Not really. Buildings can be (and are) built to react in ways that minimize damage, but no, there is no such thing as earthquake-proof or tornado proof.
The simple answer at least for earthquakes is yes. The technology actually does exist to make buildings nearly earthquake-proof today.
Engineers who work on earthquake-resistant buildings have said “current technologies prevent well-designed buildings from cracking when the ground shakes beneath them.”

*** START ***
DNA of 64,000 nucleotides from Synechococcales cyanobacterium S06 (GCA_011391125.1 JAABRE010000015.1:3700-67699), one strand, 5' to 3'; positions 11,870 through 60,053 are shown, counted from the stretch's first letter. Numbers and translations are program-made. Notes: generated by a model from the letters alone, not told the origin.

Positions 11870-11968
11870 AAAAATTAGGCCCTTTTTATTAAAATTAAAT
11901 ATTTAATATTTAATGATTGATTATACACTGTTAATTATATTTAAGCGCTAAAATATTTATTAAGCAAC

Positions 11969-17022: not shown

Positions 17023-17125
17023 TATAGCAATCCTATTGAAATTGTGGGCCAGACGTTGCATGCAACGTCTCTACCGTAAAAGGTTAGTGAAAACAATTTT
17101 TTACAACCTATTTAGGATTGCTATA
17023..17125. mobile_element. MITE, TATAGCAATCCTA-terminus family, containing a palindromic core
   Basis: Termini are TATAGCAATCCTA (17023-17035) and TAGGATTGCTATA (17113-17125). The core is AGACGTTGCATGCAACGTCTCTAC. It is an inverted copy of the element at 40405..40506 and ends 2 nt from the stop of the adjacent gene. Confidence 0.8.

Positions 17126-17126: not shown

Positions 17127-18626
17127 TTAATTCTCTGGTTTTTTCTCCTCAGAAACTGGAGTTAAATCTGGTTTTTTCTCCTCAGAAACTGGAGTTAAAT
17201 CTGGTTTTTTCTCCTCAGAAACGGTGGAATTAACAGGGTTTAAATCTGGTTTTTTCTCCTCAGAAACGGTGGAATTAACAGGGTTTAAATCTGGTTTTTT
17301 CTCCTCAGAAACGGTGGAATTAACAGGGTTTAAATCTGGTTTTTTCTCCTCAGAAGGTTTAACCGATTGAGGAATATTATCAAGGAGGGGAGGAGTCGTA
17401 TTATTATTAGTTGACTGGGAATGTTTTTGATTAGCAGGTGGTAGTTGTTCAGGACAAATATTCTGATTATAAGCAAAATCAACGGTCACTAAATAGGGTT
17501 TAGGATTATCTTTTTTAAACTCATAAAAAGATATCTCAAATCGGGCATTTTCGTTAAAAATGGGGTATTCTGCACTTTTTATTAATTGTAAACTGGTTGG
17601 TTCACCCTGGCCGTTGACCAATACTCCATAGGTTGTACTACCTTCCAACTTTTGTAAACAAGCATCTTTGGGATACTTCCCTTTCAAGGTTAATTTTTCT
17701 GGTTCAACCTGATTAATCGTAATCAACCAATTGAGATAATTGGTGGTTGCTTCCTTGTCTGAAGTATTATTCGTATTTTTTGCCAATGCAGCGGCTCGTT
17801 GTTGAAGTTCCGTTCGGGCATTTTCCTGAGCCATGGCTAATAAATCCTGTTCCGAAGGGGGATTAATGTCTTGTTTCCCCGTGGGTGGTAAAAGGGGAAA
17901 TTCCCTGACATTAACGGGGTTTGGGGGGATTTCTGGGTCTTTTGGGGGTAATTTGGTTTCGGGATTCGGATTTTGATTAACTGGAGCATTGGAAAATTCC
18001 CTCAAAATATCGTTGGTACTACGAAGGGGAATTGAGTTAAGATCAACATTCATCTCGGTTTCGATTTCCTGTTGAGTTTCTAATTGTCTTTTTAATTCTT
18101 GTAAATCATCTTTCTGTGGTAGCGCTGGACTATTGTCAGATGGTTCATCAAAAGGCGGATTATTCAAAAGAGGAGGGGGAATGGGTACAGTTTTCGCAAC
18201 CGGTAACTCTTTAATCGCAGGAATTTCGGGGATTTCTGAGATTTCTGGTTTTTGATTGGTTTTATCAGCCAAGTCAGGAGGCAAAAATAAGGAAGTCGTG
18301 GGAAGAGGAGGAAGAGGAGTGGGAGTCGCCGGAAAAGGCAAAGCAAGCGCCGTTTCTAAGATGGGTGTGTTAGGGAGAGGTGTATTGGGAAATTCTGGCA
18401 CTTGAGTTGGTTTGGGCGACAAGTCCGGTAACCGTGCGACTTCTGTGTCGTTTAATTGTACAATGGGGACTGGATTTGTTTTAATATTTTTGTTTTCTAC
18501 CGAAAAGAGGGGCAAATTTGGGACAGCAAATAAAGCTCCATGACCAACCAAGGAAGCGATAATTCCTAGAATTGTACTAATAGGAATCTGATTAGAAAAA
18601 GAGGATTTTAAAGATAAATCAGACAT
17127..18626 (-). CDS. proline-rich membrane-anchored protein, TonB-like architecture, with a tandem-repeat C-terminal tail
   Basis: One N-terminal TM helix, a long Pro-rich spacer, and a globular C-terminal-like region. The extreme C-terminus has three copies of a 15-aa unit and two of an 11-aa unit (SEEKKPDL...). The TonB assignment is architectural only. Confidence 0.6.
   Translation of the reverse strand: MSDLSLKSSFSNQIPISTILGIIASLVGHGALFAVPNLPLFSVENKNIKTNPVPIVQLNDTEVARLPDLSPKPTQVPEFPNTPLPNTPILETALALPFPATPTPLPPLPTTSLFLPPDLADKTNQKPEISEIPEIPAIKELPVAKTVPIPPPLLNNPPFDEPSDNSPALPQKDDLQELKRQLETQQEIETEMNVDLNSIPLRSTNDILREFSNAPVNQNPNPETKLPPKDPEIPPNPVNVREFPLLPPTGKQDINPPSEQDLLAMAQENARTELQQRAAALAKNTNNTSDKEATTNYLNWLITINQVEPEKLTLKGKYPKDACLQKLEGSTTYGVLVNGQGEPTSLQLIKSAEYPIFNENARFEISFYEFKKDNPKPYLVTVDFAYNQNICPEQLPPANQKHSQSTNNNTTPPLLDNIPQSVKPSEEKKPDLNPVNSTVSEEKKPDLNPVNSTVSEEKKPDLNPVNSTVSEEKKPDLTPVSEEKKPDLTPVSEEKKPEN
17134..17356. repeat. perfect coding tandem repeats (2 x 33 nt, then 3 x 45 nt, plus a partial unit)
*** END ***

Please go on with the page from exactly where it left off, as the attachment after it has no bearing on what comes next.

There are two ways to prevent buildings from collapsing in an earthquake: By making buildings stronger, or by making them more flexible, so they sway and slide instead of crumble. This is called “base isolation.”
Skyscrapers that float on systems of ball bearings, springs and padded cylinders have been around for many years. These structures don’t sit directly on the ground, which protects them from some earthquake shocks. In the event of a major earthquake, they sway up to a few feet. These buildings are surrounded by “moats,” or buffer zones, to prevent them from swinging into other structures.
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